Tinea capitis was common in British schoolchildren until school surveillance and the use of griseofulvin caused a large decline in the 1960s. The dermatophytes may be contracted from animals (zoophilic), people (anthropophilic), or (rarely) soil (geophilic). Zoophilic organisms were common in the UK in the 1970s but there has been a recent change to anthropophilic. In 14 schools in Lambeth, London in 1995 (British Journal of Dermatology 1996;135:955-8) scalp ringworm was found in up to 12% of pupils and another 5% had subclinical infections. All of the fungi were anthropophilic, the most common being Trichophyton tonsurans and Microsporum rivalieri. The presence of more than one carrier in a school class predisposed to the spread of clinical ringworm within the class. School surveillance and the use of griseofulvin or newer oral antifungals such as terbinafine or itraconazole may be necessary to prevent the spread of ringworm in schools.
A French study of 152 patients, including 27 children, with type 1 neurofibromatosis (Archives of Dermatology 1996;132:1333-6) has confirmed that routine investigations, such as chest radiography, abdominal ultrasound, brain scans, and urine catecholamines, are by and large unhelpful in asymptomatic patients. The possible exception is magnetic resonance imaging to detect optic gliomas in young children.
Car airbags inflate within 0.05 seconds at inflation speeds of up to 200 miles an hour. From 1993 up to November 1996, 34 children in the USA died from airbag injuries (Journal of the American Medical Association 1997;277:11-2). In all but two cases seat restraints were either incorrectly used or not used at all. Moves are afoot to produce ‘smart’ airbags appropriate for all ages of passenger but in the meantime children should not be exposed to airbags.
Seventeen Japanese children with pertussis were treated with either clarithromycin (9) or azithromycin (8). After a week cultures were negative in all of them whereas five of 34 historical controls had still been culture positive at that time (Journal of Pediatrics1996;129:761-4).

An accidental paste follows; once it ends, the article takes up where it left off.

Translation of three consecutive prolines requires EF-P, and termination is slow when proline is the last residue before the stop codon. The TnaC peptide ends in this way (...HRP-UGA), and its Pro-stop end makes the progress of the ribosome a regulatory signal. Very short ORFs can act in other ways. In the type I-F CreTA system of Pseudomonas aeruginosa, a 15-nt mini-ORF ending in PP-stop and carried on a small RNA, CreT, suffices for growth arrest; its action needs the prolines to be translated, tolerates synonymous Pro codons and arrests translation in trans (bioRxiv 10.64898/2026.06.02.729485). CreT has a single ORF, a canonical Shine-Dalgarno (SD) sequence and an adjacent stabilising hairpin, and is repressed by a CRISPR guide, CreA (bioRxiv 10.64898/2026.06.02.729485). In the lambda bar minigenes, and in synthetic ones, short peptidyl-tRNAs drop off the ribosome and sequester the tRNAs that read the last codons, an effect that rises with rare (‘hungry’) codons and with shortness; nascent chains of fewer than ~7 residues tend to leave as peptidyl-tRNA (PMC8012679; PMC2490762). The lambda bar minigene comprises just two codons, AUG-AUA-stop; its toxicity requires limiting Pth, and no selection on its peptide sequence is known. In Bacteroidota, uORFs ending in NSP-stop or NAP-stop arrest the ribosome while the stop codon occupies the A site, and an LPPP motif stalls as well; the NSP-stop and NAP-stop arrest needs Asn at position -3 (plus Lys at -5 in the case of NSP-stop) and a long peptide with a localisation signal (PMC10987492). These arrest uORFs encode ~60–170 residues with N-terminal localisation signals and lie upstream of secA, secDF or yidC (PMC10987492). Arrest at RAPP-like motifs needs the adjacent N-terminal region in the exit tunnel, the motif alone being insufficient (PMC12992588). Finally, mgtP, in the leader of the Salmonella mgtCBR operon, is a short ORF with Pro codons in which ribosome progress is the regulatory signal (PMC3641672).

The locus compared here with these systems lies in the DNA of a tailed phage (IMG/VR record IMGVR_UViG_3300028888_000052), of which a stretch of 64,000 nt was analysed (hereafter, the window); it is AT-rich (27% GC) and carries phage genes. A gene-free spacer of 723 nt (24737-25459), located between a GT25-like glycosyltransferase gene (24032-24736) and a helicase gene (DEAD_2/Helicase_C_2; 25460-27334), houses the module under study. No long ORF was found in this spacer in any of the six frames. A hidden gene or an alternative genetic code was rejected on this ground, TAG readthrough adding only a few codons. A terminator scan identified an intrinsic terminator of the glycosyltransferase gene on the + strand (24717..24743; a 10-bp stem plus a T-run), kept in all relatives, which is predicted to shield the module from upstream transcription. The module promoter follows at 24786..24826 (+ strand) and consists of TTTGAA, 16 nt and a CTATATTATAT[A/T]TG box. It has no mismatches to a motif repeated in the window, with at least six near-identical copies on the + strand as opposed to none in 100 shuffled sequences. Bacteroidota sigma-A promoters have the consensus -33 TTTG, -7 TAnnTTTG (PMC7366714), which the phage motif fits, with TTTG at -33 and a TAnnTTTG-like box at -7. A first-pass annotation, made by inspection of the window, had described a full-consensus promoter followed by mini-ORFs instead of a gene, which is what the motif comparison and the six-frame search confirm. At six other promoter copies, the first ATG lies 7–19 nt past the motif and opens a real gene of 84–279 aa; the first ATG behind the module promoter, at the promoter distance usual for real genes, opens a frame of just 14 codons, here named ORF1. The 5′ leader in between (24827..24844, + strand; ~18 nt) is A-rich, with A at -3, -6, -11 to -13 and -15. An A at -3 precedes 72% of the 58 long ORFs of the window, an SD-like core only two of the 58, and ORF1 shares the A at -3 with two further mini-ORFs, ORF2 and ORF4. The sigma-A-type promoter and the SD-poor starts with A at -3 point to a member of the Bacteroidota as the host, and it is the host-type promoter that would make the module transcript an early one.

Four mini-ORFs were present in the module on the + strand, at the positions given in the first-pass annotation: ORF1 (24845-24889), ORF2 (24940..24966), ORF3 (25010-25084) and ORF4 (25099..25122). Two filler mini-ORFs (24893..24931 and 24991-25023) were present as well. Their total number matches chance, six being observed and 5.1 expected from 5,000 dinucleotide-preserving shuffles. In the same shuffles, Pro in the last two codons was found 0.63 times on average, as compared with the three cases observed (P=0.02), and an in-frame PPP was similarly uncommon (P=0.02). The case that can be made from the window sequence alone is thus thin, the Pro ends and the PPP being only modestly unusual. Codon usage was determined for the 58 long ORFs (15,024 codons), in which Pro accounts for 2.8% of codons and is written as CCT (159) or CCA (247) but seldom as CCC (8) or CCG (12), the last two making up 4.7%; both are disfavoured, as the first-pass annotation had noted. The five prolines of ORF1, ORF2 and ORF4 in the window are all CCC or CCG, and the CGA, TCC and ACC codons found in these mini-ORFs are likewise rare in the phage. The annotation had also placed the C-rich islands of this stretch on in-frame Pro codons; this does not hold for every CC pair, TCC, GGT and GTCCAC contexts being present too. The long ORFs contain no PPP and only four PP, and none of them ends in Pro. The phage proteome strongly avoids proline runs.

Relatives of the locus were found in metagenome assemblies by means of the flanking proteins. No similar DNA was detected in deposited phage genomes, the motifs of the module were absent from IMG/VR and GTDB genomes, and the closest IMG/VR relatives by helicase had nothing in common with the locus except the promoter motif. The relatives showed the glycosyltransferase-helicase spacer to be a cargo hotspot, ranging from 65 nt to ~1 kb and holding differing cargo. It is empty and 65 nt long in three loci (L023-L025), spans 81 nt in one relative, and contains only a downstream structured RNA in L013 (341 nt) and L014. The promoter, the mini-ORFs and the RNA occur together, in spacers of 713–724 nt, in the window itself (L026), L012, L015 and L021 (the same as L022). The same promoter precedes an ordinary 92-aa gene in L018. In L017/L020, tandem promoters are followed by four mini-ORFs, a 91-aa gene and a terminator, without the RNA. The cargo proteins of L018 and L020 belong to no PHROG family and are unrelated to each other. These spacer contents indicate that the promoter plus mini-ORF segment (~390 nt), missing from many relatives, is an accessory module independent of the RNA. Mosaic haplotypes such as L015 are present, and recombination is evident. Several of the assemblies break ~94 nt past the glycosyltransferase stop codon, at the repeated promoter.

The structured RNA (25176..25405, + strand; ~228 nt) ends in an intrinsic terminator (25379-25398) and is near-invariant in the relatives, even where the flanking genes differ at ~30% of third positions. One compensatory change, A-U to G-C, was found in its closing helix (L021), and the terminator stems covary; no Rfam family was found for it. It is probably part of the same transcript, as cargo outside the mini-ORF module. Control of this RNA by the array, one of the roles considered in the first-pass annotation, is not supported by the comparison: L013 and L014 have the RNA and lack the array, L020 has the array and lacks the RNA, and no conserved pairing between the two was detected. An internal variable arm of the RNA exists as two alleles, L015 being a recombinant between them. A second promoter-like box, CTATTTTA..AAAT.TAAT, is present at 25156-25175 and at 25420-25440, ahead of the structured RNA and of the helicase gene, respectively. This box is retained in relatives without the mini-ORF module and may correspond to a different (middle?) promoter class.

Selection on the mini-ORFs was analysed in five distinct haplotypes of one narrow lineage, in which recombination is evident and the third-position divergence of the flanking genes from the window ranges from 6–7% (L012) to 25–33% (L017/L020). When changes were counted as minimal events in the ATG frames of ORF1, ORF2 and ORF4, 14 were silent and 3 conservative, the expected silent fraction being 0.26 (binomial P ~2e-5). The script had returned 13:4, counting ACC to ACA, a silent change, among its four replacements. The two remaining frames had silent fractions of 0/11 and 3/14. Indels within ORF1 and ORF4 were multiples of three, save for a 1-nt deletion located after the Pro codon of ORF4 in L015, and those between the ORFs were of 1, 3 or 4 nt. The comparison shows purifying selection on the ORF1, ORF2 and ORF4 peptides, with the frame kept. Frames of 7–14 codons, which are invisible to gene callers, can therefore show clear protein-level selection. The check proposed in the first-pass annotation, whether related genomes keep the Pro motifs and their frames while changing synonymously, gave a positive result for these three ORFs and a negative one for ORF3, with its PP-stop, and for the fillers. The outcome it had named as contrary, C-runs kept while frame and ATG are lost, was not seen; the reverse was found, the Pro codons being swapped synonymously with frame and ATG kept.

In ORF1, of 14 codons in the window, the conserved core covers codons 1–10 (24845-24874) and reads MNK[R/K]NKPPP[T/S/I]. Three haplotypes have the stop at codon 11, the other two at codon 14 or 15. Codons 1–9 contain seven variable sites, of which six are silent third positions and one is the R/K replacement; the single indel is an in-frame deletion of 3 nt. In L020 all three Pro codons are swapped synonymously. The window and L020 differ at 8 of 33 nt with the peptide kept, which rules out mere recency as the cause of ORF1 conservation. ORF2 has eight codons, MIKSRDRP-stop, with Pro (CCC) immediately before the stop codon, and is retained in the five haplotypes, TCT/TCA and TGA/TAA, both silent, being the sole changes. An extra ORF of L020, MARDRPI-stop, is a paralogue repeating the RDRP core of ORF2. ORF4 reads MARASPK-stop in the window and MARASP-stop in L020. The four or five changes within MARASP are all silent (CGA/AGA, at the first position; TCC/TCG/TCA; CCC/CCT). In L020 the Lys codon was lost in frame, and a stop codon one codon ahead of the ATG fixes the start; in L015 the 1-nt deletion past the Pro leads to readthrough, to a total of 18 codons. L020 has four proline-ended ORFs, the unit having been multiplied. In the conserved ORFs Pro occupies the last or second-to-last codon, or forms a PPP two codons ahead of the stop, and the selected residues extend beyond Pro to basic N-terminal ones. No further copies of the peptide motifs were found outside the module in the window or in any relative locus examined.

The results of surgery for congenital diaphragmatic hernia in Finland have got worse over the last 30 years and this may be because more babies have severe pulmonary hyperplasia (British Journal of Surgery 1996;83:1758-62). Thirty day postoperative mortality increased from 25% in 1948–62 to 49% in 1983–92 and at the same time mean postmortem lung weight fell from 70% to 40% of expected. There was no change in the proportion of preoperative deaths.
A 34 year old man had had diarrhoea from birth due to congenital chloridorrhoea. His symptoms had resulted in him being abandoned by his family at the age of 4 and he had had difficulty keeping a job because of his diarrhoea and faecal incontinence and needed frequent hospital admission for intravenous fluid replacement. After being treated with a proton-pump inhibitor (omeprazole) his diarrhoea was much less troublesome, he was no longer incontinent of faeces, and was able to return to work (New England Journal of Medicine 1997;336:106-9).
A Toronto study of 80 children whose mothers had taken a tricyclic antidepressant during pregnancy (half of them during the first trimester only and most of the rest throughout pregnancy), 55 whose mothers had taken fluoxetine (37 first trimester, 18 throughout), and 84 controls (New England Journal of Medicine 1997;336:258-62) has shown no effect of the drugs on IQ, language development, or behavioural development on assessment at between 16 and 86 months of age.